A well-written framework on Stanford Social Innovation Review describes three distinct forces of transforming a practice.
An agitator brings the grievances of specific individuals or groups to the forefront of public awareness. An innovator creates an actionable solution to address these grievances. And an orchestrator coordinates action across groups, organizations, and sectors to scale the proposed solution.
The key observation is that transformation requires all three in harmony. In medicine, the voices of agitators frequently meet top-down repression or with the silence of the leadership. “This is just the way we’ve always done it,” they might say.
The Stanford article focuses on building a team consisting of people in all three domains in order to bring about social innovation. In medicine, practices tend to be resistant to change partly due to the higher stakes but also due to the highly regulated climate of modern health care. (This is not necessarily good or bad – it just is.)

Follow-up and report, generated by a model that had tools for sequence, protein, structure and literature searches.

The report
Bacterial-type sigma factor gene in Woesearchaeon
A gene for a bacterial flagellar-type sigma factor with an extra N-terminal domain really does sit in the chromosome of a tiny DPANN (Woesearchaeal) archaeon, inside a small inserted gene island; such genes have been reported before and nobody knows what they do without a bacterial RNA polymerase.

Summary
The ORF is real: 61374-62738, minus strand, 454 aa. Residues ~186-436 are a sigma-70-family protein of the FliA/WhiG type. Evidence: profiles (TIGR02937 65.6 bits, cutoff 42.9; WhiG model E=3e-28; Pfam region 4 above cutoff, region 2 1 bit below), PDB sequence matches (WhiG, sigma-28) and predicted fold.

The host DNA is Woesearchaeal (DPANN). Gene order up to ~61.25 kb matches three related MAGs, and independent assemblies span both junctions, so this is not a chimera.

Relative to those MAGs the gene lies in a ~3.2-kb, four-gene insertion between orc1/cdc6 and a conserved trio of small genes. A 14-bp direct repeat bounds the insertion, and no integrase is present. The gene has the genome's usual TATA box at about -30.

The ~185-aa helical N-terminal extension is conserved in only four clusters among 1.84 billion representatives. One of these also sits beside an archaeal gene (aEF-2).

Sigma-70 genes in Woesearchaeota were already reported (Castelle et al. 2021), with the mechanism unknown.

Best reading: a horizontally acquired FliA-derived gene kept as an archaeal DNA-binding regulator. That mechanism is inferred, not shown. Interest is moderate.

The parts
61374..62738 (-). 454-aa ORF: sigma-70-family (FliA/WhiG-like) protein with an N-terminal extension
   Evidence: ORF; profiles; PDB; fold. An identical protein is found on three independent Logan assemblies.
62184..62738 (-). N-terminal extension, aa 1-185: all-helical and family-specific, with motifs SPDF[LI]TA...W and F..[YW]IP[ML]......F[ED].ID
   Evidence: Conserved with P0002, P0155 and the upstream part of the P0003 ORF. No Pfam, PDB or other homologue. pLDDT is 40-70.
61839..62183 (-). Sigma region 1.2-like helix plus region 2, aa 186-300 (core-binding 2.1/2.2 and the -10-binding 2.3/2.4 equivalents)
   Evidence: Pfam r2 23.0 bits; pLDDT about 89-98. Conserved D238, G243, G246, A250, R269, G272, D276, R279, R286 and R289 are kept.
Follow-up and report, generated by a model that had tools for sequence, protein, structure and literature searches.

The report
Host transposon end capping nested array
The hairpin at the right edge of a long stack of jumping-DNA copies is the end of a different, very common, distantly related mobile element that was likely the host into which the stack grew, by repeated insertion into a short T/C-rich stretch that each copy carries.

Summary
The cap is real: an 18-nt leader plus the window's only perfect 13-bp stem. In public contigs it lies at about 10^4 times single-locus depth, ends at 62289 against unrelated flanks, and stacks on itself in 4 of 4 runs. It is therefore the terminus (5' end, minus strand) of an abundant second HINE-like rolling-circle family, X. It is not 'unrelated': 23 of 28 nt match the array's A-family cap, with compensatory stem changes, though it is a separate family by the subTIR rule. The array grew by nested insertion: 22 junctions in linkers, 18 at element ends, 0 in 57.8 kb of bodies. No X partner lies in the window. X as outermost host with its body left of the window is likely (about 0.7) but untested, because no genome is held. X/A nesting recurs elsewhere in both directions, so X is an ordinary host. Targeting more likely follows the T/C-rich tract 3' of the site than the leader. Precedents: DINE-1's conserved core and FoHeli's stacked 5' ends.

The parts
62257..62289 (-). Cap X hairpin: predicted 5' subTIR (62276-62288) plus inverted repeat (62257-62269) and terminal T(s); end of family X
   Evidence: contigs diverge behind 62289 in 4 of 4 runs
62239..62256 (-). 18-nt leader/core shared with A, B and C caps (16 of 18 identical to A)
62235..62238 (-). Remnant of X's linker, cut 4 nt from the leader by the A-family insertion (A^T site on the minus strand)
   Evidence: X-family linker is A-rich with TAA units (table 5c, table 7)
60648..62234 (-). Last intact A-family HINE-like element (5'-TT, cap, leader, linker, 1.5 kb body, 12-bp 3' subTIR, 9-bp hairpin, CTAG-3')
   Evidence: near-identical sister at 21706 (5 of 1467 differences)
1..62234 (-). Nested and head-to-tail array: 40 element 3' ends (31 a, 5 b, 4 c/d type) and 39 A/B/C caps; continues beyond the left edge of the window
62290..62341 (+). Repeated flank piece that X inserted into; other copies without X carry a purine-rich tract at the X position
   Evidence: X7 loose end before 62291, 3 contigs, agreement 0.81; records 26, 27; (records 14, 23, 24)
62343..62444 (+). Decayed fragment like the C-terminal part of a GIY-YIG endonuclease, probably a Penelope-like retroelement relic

Although medicine often places more weight on orchestration – coordination of interdisciplinary care to benefit patient health – it stands to reason that a healthy dose of the other two is also necessary. If you see yourself as an agitator, know that a thorough understanding of stakeholder analysis can help you better differentiate between a simple inconvenience and an opportunity to create value. If you are an innovator, your strength may lie in an intuitive visualization of connections between disparate organizational units. Know that what seems obvious to you is probably opaque to others. In the end:
Agitation without innovation means complaints without ways forward, and innovation without orchestration means ideas without impact.